Midweek Dec 20 2017 Luther & Xmas Tree

Dec 20, 2017 Thank Luther for the Christmas Tree?

          What wonderful music you Schuler girls provided this evening! Thank you for bringing a little bit of Germany to our little church with your “Stille Nacht and Ein Feist Berg”.  Our little church actually has roots that go back to those early German immigrants who wanted a new world church that would worship and sing in the new world language of English.  But that didn’t mean they wanted to abandon the faith of their fathers just update it a little

          And that is the way of many things, especially Christmas traditions- new artists sing old songs and those new recordings soon become classics in their own right.  This happens with other traditions as well, like the Christmas tree.  At one time it was simply an evergreen tree outside on the church grounds that was decorated, then folks decorated them in their yards.  Then according to folk lore- thanks to Martin Luther, they made their way inside and even had lights put on them.

          As I said in last week’s message in America in the 1880’s Luther became a popular figure.  A massive second wave of German immigrants came to America from 1840 to 1880 which helped make Luther well known in the US.  Visiting with Tom Butts this week he told me when his last name changed from Von Boots to Butts.  It was during the Civil War.  His great-grandfather served in the 119th Ohio volunteers during the Civil War.  The regimen came from this area and was made up entirely of German speakers, only the officers knew English!  It was the English officers who didn’t want to shout out long names, so like many of his buddies Tom’s great grandfather’s name got shortened to Boots.  Three generations later Boots had morphed into Butts.  Interesting how things transform over time. (remember that tidbit)

Any way back to Luther’s influence and popularity.  The unification of Germany as a nation in 1871 was linked to Luther’s standardizing the German language with his translation of the Bible into German.  In 1883 many German immigrants were celebrating Luther’s 400th birthday.  Now comes the connection with the Christmas Tree in America.  Because of the Puritan background of America anything that had any semblance of a pagan background was strictly forbidden.  And since the use of evergreen trees to symbolize eternal life was widely used not just by Christians but many other pagan religions the Puritans had discouraged and at times even outlawed any decorating of Christmas Trees to celebrate the sacred Christ child’s birth.  In fact such a law had passed in Connecticut as late as 1840.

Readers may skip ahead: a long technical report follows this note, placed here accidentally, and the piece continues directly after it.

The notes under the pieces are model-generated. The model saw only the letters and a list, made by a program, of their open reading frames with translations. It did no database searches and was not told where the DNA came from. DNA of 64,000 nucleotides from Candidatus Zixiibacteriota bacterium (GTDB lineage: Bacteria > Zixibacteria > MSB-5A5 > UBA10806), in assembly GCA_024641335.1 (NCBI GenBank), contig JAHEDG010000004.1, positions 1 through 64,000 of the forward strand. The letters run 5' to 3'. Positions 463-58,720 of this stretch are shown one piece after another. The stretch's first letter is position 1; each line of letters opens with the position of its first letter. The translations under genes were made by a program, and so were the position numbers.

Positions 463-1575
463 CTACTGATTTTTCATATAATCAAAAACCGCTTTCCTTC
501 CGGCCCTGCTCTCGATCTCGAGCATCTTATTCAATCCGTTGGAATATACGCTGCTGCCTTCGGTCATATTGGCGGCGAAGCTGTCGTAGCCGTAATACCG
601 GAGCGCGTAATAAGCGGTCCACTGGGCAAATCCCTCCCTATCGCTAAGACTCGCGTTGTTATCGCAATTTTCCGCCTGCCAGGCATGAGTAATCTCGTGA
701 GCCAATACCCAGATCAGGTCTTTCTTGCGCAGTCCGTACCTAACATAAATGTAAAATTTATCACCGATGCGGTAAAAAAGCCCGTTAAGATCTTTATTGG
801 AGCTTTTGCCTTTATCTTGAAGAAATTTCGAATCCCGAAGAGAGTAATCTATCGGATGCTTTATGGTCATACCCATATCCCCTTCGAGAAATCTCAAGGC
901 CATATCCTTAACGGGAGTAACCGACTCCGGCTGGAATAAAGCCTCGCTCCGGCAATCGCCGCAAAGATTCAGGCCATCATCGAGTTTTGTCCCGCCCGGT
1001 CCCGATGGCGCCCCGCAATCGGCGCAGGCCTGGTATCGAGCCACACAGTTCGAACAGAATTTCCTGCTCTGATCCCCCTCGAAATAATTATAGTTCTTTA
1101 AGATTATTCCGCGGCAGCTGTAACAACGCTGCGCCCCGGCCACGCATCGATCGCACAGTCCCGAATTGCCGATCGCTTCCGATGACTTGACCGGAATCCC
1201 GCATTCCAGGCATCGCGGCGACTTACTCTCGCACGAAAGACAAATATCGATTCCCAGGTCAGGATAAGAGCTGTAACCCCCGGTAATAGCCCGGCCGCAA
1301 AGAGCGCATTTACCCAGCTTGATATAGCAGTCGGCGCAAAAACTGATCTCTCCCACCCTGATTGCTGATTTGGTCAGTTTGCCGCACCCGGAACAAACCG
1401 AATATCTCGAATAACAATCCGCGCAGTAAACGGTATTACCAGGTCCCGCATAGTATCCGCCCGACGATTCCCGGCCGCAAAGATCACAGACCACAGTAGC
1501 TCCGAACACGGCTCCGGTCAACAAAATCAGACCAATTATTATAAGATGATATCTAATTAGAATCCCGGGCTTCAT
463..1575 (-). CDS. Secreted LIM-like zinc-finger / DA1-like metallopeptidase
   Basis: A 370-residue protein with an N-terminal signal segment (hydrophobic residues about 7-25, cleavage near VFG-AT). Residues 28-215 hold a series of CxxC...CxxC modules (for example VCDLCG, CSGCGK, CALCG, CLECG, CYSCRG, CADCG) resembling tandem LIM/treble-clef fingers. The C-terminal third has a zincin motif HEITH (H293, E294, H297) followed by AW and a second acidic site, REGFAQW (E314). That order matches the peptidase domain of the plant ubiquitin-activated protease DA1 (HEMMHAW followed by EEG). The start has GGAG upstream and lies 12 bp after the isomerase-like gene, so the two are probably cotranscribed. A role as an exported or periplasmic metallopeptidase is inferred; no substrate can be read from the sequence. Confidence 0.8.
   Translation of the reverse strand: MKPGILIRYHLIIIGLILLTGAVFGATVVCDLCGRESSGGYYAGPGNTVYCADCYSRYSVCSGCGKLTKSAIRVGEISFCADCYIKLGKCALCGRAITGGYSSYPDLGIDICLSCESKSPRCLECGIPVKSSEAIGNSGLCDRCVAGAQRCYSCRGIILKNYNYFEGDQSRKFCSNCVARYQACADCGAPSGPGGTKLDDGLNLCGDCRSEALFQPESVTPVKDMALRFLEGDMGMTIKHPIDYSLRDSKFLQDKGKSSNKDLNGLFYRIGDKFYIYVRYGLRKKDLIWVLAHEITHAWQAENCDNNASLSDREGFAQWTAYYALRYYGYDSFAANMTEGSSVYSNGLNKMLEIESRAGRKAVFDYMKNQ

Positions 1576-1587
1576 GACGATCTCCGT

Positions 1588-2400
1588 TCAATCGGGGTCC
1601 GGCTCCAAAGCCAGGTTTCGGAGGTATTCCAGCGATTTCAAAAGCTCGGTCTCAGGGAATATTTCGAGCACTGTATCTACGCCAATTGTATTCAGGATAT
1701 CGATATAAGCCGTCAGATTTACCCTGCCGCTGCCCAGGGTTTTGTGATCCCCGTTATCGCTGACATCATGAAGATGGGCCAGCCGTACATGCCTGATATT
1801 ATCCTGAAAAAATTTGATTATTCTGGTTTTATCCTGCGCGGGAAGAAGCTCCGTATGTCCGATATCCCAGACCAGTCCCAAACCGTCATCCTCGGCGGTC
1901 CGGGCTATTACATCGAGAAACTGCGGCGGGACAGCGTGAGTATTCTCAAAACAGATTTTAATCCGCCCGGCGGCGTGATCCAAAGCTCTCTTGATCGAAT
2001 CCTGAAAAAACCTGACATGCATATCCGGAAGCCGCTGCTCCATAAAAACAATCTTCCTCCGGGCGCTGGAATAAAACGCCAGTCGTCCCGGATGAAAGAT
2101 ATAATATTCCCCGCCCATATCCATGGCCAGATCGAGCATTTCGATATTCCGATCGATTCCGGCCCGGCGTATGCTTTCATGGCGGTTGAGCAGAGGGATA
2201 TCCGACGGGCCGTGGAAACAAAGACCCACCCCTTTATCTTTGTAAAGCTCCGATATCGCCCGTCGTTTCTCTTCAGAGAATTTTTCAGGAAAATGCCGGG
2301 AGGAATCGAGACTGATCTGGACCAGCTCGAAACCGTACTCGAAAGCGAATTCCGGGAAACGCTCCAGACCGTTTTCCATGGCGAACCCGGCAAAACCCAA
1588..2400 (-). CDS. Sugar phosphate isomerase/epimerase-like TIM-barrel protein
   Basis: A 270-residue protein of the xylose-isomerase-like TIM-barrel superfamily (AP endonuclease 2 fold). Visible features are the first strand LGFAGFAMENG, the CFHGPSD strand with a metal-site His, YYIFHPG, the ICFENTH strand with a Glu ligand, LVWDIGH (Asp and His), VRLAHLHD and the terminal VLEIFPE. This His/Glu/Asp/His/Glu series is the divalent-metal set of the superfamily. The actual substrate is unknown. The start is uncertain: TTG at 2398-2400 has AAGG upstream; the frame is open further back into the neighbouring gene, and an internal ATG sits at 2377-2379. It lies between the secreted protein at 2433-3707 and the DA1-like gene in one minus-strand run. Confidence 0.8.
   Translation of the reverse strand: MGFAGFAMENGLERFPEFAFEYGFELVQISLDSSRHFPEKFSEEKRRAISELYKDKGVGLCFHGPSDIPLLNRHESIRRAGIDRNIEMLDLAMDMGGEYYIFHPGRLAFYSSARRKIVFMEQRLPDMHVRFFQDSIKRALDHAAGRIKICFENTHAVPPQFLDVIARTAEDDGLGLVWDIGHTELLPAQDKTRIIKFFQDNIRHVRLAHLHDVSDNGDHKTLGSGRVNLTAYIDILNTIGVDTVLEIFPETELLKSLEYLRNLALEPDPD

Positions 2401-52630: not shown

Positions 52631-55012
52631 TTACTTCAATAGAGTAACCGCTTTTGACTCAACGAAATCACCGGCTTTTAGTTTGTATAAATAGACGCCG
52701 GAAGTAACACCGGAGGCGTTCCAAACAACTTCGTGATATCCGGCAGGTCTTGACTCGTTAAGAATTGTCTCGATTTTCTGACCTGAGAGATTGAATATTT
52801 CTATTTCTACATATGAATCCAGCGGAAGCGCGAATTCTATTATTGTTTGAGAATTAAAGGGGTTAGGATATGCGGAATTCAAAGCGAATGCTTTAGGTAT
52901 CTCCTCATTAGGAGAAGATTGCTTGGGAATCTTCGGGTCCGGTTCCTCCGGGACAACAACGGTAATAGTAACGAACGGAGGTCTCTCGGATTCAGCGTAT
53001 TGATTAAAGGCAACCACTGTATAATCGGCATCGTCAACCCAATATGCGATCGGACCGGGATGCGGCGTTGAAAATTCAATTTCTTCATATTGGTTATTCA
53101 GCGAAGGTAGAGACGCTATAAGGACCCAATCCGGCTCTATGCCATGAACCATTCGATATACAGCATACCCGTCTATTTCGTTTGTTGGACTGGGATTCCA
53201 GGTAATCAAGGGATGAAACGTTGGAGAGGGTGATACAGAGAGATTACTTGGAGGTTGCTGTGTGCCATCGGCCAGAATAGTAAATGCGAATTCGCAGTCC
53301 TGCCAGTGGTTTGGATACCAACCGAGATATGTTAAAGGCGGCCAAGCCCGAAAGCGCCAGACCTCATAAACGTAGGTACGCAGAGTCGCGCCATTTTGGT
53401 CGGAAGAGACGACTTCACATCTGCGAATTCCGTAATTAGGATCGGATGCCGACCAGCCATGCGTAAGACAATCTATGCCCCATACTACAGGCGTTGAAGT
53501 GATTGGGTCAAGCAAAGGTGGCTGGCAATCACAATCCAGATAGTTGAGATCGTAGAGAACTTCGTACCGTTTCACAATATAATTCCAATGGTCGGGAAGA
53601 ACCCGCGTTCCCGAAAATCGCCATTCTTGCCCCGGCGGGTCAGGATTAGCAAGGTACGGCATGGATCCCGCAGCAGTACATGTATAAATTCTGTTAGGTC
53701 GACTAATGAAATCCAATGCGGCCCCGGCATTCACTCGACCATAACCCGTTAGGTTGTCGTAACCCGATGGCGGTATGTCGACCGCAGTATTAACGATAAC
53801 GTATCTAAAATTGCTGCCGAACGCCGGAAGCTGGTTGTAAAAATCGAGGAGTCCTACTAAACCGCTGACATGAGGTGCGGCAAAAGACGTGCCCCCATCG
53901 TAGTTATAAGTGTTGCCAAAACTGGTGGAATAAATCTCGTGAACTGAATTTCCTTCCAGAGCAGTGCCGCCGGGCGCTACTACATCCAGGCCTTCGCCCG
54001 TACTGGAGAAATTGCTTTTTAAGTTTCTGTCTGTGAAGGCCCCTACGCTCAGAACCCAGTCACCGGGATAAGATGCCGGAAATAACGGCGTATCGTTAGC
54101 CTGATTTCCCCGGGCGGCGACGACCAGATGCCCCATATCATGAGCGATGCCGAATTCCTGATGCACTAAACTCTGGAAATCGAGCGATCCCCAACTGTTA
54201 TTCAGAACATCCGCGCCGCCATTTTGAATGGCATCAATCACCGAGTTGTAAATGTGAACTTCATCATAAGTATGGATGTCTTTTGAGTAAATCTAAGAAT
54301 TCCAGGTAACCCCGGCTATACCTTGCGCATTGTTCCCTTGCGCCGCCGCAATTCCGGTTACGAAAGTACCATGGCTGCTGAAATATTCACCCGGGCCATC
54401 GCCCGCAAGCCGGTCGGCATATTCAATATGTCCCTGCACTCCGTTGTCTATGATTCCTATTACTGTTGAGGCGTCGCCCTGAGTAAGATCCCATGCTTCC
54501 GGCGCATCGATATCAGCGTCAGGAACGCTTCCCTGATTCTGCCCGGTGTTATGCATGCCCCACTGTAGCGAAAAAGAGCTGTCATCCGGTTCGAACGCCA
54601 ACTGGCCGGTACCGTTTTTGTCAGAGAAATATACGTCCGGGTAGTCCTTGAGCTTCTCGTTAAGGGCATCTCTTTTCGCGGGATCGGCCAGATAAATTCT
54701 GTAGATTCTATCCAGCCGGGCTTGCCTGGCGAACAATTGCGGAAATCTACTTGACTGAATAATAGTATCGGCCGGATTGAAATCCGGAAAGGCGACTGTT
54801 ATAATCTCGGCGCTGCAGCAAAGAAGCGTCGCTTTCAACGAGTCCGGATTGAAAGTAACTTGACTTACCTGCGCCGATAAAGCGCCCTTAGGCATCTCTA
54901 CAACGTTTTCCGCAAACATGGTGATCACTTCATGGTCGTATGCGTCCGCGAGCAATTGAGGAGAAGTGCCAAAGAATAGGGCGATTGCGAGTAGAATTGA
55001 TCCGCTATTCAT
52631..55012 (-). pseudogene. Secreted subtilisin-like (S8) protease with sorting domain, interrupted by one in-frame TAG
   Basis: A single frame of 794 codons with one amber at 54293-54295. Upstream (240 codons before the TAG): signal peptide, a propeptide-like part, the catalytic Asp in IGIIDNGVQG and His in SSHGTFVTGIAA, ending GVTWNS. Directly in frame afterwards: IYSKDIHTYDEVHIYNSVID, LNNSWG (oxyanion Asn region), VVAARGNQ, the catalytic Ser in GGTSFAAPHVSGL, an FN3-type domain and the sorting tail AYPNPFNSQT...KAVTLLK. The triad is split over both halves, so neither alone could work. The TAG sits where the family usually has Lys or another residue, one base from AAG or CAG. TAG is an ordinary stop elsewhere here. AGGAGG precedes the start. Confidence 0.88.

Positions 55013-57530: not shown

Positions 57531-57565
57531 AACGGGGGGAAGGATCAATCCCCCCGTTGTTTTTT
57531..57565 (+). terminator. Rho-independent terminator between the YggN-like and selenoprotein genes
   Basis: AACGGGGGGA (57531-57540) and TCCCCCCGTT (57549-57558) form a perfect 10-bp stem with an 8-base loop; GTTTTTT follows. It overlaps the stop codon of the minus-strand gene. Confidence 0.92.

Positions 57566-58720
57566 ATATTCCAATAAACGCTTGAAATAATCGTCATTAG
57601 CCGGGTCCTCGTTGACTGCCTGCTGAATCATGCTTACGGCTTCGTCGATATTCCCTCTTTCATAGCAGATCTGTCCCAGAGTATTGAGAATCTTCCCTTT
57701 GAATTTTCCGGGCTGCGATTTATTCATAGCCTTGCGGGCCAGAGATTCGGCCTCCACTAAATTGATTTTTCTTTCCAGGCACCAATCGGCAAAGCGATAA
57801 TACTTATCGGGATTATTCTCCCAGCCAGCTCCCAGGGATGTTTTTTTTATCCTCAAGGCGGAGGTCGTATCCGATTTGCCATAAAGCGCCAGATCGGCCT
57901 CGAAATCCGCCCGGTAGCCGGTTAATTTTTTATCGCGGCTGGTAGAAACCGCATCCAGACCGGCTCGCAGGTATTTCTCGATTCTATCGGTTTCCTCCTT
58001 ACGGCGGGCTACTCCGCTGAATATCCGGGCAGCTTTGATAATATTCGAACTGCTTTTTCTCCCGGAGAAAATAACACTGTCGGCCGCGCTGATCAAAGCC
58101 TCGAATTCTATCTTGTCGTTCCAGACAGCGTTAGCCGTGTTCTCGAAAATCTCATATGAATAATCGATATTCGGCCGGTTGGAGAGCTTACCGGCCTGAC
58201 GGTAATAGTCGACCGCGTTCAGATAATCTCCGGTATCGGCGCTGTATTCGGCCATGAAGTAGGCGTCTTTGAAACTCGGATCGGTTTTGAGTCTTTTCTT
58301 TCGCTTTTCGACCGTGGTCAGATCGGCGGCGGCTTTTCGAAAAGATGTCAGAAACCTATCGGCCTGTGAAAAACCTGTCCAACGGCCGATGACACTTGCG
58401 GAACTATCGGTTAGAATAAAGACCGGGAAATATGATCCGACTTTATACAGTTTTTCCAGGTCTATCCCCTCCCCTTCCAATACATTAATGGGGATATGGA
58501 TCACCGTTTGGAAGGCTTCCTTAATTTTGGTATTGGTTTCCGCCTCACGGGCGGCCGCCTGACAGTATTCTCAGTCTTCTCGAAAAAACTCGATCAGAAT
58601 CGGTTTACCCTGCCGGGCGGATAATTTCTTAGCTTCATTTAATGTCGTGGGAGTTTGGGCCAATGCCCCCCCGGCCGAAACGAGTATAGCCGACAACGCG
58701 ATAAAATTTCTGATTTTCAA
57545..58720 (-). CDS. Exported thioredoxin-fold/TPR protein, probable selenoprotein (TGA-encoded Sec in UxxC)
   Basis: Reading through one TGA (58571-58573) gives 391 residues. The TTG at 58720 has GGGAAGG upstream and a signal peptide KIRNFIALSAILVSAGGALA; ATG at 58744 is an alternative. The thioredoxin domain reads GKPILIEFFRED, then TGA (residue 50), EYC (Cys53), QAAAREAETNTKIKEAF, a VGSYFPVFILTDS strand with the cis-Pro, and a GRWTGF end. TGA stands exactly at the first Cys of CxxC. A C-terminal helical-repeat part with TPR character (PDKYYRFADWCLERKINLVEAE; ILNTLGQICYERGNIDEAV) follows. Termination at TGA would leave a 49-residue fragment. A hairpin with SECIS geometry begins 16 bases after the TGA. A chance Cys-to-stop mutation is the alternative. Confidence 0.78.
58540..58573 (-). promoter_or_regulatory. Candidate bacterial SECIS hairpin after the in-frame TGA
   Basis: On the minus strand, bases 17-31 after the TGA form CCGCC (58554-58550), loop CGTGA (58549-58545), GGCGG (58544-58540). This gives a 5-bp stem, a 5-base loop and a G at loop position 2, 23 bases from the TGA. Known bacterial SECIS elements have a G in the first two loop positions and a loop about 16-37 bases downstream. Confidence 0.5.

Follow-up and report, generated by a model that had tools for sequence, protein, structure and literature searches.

However, by the 1880’s Christmas trees were showing up not just in homes but in town squares.  Thanks to stubborn Germans who didn’t want to give up their old world traditions and also thanks to Martin Luther and his ongoing influence.  It was widely known the Luther transformed things, from an unreadable bible in Latin to a useable bible in German.  From ancient difficult tunes for church songs he transformed them into beloved hymns by  borrowing bar room ballads: “A Mighty Fortress/Ein Fest Berg” being one.  Luther argued “Why should the devil have all the good tunes?”

So here again Luther helped transform the bad press surrounding the pagan observance of lights on an evergreen tree into a central symbol of the celebration of the eternal Lord and Savior’s birth.  You might think Luther argued “Why should the druids have all the good symbols of eternal life?”

          It was a widely held belief in Germany that Martin Luther, the 16th-century Protestant reformer, first added lighted candles to a tree. Walking toward his home one winter evening, composing a Christmas sermon, he was awed by the brilliance of stars twinkling amidst evergreens. To recapture the scene for his family, he erected a tree in the main room and wired its branches with lighted candles.

Christians have long been taking pagan symbols and transforming them into things that proclaims not a false God but instead the one true God.  Christians excel at transforming old symbols, ceremonies of pagan lost souls into powerful proclamation of the one true God.  The one true God whose love and power, grace and forgiveness can transform any life, can find any lost soul, can convert any unfortunate child of Satan into a blessed child of the savior.  That is the heart of the Christian message, not one of conformity but transformation, not status quo of death but transition into life.

You think I’m nuts… just look at the cross and the transformation that God in Christ has given that symbol! What once was only a symbol of death and destruction Christ has transformed into a symbol of life and victory.  Take a look at the manger.  Once simply a feed trough for mangy animals becomes the place we filthy sinners find food for our souls and cleansing of our hearts.

So the Christmas tree once a symbol of pagan hopes for eternity becomes a symbol of God’s promise of eternity through Christ.  For Luther the Christmas Tree was a place not just to gather family around to share the gifts of love and kinship.  It was also a place to gather around Christ to receive his gifts of love and adoption into God’s family. 

Too bad over time we’ve forgotten the transformative message of Luther’s Christmas tree. As we gather around our lit Christmas trees this year let’s not forget the message of the transformative message of God’s love given to us in a son born in a lowly manger, hung on a cross and raised from the grave all to grant us the transformation of going from lost to found, from death to life. Eternal life in Christ, like an evergreen.  Amen.